Monday, June 6, 2016
…..so wait a minute. Let me do the math here… I spend all winter riding my horse as much as possible even when it’s not fun and then we finally come out of the cold and get into ride season, and if I do one 50 mile ride per month with a week of rest going in and going out….
I only get to ride my horse like 2 weeks out of each month and not without breaks in between conditioning rides in that window.
Look at the bright side… At least I have some time to work in the garden now. This could be good for my home life…
And it’s given me the chance to help get some friends’ horses in shape for summer riding (so they can keep up with us when we can ride). I’ll have some more time for Faygo although she has developed quite a fan club and I’m happy with the regular riders who are enjoying her and that is going well right now.
But spending so much time working together with Khaleesi has really bonded us and of course I want to ride her every day! So it’s ironic that this very sport that has helped inspire that relationship also has taught me that you can over work a horses joints and body and wear them down physically and mentally.
Thankfully I’ve got some new work for us on the ground and this we can do everyday even for 30 minutes or so just to spend some time together and continue the bond and also our education.
Lately I am working on how to more accurately and lightly move Khaleesi’s shoulder or hind separately.
I also have a pretty decent leading game but I want her back ups to have better response and move with some life. She has only one back up speed and it is plodding. I would like her to back up with some speed if I ask her to, similar to how I’ve been asking her to move forward with some life but without trotting/jogging.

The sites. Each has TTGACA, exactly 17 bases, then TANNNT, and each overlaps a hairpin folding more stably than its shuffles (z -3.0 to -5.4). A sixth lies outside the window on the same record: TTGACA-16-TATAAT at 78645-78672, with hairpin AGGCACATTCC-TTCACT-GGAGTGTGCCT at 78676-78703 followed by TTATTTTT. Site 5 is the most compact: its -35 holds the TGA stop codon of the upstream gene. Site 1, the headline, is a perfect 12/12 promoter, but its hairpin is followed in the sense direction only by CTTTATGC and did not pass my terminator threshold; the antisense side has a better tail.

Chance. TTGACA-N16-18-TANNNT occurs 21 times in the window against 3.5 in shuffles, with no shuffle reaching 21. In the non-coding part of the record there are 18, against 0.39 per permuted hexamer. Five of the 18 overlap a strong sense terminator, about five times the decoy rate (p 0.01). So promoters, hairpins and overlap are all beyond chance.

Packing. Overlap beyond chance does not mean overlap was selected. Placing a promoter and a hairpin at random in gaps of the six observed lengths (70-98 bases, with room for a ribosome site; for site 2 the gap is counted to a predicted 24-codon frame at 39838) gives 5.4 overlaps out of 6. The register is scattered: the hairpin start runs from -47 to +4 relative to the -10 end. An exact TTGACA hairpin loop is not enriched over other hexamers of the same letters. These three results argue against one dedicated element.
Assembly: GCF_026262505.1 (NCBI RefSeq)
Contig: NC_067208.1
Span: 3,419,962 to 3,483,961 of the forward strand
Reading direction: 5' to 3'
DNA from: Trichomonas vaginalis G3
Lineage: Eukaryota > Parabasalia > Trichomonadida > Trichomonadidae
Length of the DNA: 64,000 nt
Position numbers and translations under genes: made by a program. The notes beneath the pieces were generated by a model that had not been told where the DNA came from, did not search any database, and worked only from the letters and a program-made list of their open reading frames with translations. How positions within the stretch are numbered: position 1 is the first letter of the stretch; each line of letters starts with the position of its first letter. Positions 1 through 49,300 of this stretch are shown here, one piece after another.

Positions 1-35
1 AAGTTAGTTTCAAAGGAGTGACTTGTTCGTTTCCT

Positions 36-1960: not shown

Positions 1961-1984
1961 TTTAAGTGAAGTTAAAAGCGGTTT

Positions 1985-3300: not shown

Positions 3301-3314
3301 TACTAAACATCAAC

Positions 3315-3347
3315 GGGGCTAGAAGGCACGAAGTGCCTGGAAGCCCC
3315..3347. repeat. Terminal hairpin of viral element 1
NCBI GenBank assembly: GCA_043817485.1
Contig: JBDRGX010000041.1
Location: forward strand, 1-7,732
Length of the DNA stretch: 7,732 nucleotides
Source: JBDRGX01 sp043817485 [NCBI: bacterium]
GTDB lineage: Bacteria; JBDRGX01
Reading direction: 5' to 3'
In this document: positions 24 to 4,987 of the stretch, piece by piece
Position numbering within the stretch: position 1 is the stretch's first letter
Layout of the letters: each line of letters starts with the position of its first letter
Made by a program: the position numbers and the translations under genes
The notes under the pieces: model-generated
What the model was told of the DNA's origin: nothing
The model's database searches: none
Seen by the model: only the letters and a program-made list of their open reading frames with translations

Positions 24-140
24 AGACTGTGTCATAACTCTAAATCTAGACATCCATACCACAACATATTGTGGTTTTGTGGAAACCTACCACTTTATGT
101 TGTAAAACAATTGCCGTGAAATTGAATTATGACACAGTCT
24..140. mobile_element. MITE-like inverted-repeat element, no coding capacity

I have become addicted to working with her- not just because I want to be able to get better at these fundamentals that will solidify everything we do- but because through my Simple Equine Teaching virtual lessons I’m learning how to read my horse, what I’m seeing when I look at her, what it means, how to get the subtle signs of equine language BEFORE she feels she has to yell her communication to me (dumb human) because I’m not trying hard enough to hear the whispers, andhopefully WAY before she shuts down completely to believing humans even care to hear.
I’m enjoying the deeper bond that comes from learning how to ask the same way and release at just the right moment. It’s one thing to understand the concept, most people with horses do, and another thing to practice it, set up video and watch painfully as I miss opportunities (when is she processing and I’m too quick to move on and when is she resting and she looks away distracted and I lost her to boredom in that split second) and then I forget which way my palm is supposed to be on the lead rope: yes. That does make a difference.
I want to be a good teacher- but since my horse is already good at being a horse I am trying to teach myself.
Consistency and timing.
Leadership but without force.
Know the difference between taking time to think– geting ready to try and blowing me off and needing increased pressure.
Not asking so much she gets confused, not so little she gets bored.
I’ve reflexed back recently to a conversation I had with a friend at least a year ago who said it was fortunate for me I ended up with a compliant horse who basically willing and didn’t pose much challenge.
At the time I wholeheartedly agreed.